On 19 Oct 2011, at 17:07, Ali SH wrote:
[AH] Allow me to attempt re-phrasing what's been said. In contrast to a paradigm for ontologies like Cyc, whereby one tries to model the domain as faithfully and completely in one formalism and then delegates reasoning tasks based on the analysis of this expressive representation;
[BP] Is that how Cyc works? That's not my understanding, but whatever :)
I over simplified and in fact cringed after reading the sent email. What I meant to contrast is that in many ways Cyc is an example of a paradigm which represents the domain in an expressive language and then finds the appropriate subsets that match decidable logics for reasoning. At least, that's my understanding. It uses a variety of reasoners.
Sure. Approximation is a reasonable approach.
[BP] The problem with super expressive logics such as Common Logic is, roughly, the tool support sucks and probably sucks for the forseeable future.
I would hope that with the current work under way by the Bremen group (HeTS) and the Toronto group (COLORE), a CL ontology could be factored into more tractable fragments.
If so, then it probably doesn't need the extra expressivity. In expressive logics, size is less important than complexity. Euclid's Theorems don't make for a *large* KB, but good luck writing a reasoner that can return the rest of the Elements :)
Of course, not to mention a number of CL reasoners currently under development
Such as? First order theorem proving is pretty hard and existing ones are pretty good. None that I know of are targeting CL per se or ontologies, really.
and the environment being developed by CameronRoss. Needless to say, I'm more optimistic about utilizing more expressive languages.
As I work on adding expressivity to OWL, I am too. I'm much less sanguine on having a FOL reasoner that is robust to wide rangingly complex input. Show me something that can handle an appreciable fraction of Ernie Davis' Commonsense Reasoning textbook and I'll be impressed.
If you are "using" FOL but really using a hugely restricted subset + a radically incomplete reasoner, then, well, I'd argue you shouldn't be too excited about the fact that you're "using" FOL.
On Wed, Oct 19, 2011 at 11:42 AM, Bijan Parsia <bparsia@xxxxxxxxxxxx>
In the end, it shouldn't really affect what you're trying to do. If you need to represent something, you need to represent it. If you put it in your "ontology" rather than in your "rule base", but the answers are the same, does it *really* matter?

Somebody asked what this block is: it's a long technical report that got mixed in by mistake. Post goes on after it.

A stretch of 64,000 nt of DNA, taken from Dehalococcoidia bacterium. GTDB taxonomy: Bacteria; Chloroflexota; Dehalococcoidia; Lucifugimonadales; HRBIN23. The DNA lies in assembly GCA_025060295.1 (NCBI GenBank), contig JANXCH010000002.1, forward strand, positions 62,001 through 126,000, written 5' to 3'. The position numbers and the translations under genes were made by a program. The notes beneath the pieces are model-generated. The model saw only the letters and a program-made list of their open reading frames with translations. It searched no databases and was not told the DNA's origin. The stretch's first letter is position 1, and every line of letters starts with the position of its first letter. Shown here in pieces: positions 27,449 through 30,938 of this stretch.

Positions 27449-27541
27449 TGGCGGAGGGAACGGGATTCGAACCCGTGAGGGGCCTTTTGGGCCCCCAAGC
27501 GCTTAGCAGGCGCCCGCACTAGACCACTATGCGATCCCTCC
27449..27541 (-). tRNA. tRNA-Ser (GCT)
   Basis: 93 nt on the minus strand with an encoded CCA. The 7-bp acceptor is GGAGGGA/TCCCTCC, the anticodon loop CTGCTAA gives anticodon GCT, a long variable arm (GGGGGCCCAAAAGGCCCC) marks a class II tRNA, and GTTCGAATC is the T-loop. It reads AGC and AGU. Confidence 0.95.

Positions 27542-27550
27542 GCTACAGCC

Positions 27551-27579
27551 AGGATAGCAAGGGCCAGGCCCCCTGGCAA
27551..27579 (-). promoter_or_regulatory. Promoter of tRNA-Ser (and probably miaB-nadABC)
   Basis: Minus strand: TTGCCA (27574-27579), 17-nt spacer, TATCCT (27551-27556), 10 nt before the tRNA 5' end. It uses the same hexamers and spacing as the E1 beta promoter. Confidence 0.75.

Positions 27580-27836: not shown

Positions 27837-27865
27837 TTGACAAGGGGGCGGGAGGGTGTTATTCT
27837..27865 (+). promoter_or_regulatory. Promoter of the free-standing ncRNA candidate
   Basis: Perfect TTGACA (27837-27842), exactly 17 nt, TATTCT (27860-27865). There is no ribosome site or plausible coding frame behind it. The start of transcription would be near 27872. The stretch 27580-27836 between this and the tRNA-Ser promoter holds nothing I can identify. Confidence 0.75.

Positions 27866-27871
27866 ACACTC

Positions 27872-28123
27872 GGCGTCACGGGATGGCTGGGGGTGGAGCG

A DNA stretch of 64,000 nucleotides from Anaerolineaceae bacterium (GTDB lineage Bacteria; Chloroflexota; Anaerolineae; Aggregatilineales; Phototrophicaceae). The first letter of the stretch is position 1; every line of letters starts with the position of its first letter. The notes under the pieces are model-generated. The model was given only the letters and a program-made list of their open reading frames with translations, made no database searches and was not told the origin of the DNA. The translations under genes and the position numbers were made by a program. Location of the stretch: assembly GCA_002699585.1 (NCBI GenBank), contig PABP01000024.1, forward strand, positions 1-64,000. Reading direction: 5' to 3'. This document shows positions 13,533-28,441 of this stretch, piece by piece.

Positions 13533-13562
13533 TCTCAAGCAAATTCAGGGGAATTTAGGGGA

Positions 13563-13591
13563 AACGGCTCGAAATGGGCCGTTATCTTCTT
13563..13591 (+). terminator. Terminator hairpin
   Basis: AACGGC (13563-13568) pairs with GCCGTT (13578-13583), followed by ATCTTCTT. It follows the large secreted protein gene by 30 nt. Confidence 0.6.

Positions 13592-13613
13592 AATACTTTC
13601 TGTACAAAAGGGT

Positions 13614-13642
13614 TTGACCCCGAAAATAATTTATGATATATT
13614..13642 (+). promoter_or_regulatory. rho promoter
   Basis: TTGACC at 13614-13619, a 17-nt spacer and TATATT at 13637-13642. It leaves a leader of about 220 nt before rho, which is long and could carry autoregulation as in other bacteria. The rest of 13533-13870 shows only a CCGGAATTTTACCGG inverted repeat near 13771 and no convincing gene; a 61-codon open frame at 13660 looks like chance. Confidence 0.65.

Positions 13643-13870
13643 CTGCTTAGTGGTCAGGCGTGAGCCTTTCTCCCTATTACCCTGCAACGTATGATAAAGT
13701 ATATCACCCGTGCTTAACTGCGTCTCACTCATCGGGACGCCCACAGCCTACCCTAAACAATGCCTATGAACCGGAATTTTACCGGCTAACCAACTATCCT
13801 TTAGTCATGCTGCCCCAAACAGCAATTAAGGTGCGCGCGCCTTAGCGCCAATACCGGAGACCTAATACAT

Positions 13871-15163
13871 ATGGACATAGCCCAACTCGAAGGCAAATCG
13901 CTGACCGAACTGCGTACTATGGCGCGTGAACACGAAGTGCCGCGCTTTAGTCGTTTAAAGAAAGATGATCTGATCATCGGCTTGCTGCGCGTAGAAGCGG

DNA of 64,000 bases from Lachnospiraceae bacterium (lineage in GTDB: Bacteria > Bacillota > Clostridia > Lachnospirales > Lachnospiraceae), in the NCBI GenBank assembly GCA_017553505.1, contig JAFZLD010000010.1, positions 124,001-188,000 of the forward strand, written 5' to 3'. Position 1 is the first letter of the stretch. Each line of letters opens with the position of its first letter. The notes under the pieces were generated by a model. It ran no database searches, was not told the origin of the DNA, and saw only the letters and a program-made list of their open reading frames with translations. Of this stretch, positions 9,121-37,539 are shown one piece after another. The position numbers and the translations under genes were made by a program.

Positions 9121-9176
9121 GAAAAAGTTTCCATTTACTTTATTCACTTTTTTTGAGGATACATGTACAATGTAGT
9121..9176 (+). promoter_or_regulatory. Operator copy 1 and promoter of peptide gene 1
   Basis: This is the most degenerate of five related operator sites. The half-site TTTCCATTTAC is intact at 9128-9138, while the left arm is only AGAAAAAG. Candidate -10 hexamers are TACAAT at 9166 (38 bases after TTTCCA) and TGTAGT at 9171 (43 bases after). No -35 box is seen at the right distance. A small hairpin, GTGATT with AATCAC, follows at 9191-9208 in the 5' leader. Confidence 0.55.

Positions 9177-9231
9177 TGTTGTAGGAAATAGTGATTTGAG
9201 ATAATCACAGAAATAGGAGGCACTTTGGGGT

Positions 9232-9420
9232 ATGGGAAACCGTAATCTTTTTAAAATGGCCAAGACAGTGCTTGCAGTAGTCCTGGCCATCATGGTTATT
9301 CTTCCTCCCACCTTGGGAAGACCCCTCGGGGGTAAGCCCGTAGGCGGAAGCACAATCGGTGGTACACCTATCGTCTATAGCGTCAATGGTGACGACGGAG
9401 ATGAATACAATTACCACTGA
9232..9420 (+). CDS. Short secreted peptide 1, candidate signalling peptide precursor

Admittedly, the surface language might end up not mattering much,
Surface or deep, the terms "rule" and "ontology" are almost certainly analytically null from every perspective.
but I certainly was confused as to what people meant by Rule, and clarifications such as this thread can help avoid pointless future confusion when talking to different groups of people :D. Further, in the context of the OOR and using the OMV to tag various registered ontologies and create web-services and workflows around what is in the OOR, these distinctions could come to bear.
I'd be surprised. But I don't know what OOR and OMV are.
Presumably, we're going to see more OWL+SWRL or RIF ontologies being deployed and registered in the repository. How will the SWRL or RIF modules be stored
If that's an issue I'd respectively suggests that your repository has fundamental problems of a non-deep nature.
and what is the nature of their relationship (using OMV or an extension) to the OWL ontologies? What is the nature of a subset of some CL ontology that maps to some OWL+SWRL combo?
I don't really understand the question(s). Presumably the nature will be, oh, equivalence? What "nature"? Different equivalent formulations can have distinct computational issues, of course, but..."nature"?
And so on.
Well, since I can't follow the first terms of the series I don't know how it goes on. I'm sorry that I'm not up to speed on the distinctive challenges which are being debated here, but for me, the challenges of e.g., ontology integration is where the domains (and perhaps knowledge) are the same but the representations (say, in a single formalism) diverse or when the domains are distinct and their formalisms diverse as well. So, in the first case, ontology alignment; in the second, combining formalisms. I'd be surprised if there was a huge call for the first case across significantly different base formalisms.
To what extent can these mappings be automated and tools / services orchestrated to solve ontology related problems for reseachers / professionals?
It'd be nice to know what problems, with what degree of occurrence are trying to be met.
This seems to be precisely the sort of low level implementation detail being wrongly elevated into a high level strategic or architectural decision that should be strenuously avoided. (I stress the "seems"; I wasn't there.)
The sense I got was that not everyone involved in the discussion was clear about the distinction between rules / axioms, so it seems rather relevant.
No, it's really totally and utterly irrelevant, afaict. It's easily subsumed by how do you cope with different formalisms (which is at a level above the level of dealing with different concrete notations) and different (equivalent or otherwise related) formulations.
The simple (and right) thing to do is just to develop requirements for formalisms (and formalism handlers) to be targeted, and leave the rest to implementors.
Bijan "It's important to know when not to care" Parsia.